Treasure hunting as black op.

13 December 2009

One of the mainstay tropes of fiction is sunken treasure: pirate treasure, ancient payrolls, treasure of the ancients... to quote The Goonies, "rich stuff". Gold. Gems. Artifacts. Stuff that would make Indiana Jones push his professorly duties off onto his overworked and underpaid grad students, grab his khakis, fedora, and bullwhip, and make a beeline for the middle of nowhere. However, since diving and its associated technologies have advanced over the years sunken treasures are growing more and more rare. Maybe there is only so much treasure to go around and a lot of it's been salvaged already. Maybe the tide and the shifting sediment have covered up much of it through the centuries. Perhaps a lot of it was lost in depths that humans have yet to really explore.

It is for this reason that the salvage of what may well be the Merchant Royal is so noteworthy. The Merchant Royal is said to have been a merchant vessel which went down in a storm near Sicily in 1641 while en route to Antwerp.

It's taken two years of careful, steady work, but an outfit called Odyssey Marine Exploration has salvaged approximately 250 million British Pounds worth of treasure from the seafloor, amounting to seventeen tons of gold, silver, tableware, and assorted undisclosed artifacts. OME hasn't said how long it took them to find or bring up the treasure or even which wreck it was though speculation continues as to which wreck it may have been. Operation Black Swan, as they called it, was carried out in deepest secrecy; a number of ROVs were used to locate the wreck, ascertain what it carried, and shuttle its cargo to the surface. The wreck was located in international waters which actually made the salvage operation easier from a legal perspective but to avoid having to give the United Kingdom a cut of the action (because it was located off the coast of Cornwall) they transported each load of cargo to Gibraltar, which was used as a tax haven for the purposes of this project. The government of Spain is investigating whether or not the salvage was actually in international waters; the descendents of the now-deceased captain of the Merchant Royal are also looking into whether or not they have a claim to part of the treasure. Last Thursday the whole shebang was flown from Gibraltar to the United States by private jet where it was appraised by an expert in ancient coinage.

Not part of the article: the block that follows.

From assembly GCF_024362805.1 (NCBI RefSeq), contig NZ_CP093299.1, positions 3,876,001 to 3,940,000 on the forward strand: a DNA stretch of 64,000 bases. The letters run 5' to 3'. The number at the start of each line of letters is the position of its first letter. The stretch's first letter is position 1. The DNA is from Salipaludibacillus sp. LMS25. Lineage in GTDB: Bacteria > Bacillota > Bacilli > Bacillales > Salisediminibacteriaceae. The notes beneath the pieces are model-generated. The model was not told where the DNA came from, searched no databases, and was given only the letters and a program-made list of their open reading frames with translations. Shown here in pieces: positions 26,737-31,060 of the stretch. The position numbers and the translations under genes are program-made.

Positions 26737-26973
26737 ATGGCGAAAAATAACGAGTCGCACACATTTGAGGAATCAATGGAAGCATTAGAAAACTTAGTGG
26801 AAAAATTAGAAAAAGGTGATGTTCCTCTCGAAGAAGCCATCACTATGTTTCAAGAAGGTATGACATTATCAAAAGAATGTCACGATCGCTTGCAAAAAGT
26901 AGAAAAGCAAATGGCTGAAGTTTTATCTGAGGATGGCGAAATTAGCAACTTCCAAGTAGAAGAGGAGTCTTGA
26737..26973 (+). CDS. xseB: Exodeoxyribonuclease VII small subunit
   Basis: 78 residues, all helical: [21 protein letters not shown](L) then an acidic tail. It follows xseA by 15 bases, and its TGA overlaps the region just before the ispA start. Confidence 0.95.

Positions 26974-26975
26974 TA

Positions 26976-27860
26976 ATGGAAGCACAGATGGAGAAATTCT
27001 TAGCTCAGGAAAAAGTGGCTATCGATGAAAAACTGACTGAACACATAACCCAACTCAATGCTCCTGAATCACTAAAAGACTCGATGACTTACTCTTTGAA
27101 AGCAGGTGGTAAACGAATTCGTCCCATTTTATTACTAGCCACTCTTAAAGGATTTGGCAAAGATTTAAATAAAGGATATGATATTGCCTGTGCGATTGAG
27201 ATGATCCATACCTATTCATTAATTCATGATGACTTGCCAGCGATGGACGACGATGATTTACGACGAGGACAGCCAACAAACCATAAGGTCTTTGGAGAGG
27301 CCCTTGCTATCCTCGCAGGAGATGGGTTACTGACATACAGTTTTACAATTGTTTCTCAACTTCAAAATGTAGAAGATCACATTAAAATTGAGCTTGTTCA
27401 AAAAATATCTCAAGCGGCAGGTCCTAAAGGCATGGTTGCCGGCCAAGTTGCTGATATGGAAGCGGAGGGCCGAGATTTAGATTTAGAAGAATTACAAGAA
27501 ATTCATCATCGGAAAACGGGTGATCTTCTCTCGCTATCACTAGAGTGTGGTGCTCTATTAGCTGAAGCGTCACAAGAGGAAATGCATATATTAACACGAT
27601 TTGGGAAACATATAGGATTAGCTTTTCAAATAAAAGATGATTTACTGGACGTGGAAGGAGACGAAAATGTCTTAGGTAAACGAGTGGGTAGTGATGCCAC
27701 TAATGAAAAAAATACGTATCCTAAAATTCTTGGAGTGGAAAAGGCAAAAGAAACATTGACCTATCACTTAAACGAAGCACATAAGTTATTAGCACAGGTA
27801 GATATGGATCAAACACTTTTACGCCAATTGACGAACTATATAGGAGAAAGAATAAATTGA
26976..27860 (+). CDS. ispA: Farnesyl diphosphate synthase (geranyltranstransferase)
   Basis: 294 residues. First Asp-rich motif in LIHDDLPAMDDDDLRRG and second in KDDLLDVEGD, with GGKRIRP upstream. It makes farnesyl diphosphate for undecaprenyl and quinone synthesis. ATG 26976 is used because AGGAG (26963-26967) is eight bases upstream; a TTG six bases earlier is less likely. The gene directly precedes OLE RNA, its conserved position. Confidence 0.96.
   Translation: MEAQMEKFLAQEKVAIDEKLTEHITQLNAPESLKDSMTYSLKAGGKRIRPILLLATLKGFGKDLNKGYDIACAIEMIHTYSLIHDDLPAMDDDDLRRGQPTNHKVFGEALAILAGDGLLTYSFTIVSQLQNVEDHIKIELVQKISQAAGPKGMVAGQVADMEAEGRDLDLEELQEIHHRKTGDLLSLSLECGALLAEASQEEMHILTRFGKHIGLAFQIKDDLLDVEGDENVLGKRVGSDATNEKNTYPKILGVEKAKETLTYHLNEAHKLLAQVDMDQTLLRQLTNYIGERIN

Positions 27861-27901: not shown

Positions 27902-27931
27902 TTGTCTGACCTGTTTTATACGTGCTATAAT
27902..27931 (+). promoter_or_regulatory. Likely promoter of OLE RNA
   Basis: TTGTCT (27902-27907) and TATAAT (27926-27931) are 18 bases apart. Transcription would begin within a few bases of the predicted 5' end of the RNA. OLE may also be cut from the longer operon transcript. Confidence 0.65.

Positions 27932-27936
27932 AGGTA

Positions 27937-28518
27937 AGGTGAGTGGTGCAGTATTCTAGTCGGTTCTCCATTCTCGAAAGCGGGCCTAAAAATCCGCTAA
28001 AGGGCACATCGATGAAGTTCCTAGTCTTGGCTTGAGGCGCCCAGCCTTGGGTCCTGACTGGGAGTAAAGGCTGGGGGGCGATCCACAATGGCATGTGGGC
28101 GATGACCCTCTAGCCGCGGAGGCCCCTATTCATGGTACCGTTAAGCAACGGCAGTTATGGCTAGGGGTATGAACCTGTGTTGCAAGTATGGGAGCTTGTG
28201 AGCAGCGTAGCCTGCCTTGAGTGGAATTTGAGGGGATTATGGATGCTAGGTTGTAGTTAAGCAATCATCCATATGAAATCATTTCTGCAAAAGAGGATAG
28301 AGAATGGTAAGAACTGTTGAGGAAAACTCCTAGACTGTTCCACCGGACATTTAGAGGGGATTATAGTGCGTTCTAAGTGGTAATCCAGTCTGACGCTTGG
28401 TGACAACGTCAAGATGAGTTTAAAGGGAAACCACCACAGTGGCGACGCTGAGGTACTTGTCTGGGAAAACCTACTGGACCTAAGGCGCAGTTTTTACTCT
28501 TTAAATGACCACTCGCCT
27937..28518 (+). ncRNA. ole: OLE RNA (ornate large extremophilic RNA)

It is interesting to note that the level of secrecy was such that the crews of the salvage ships kept their mouths shut even when partying in port while the operation was in execution. It is also interesting to note that the location of the wreck and identity of the ship have not been announced. It should also be noted that they seem to have played things a little loose on the legal end of things because a federal judge granted them salvage rights only the day before they airlifted the treasure to the states (disclaimer: IANAL).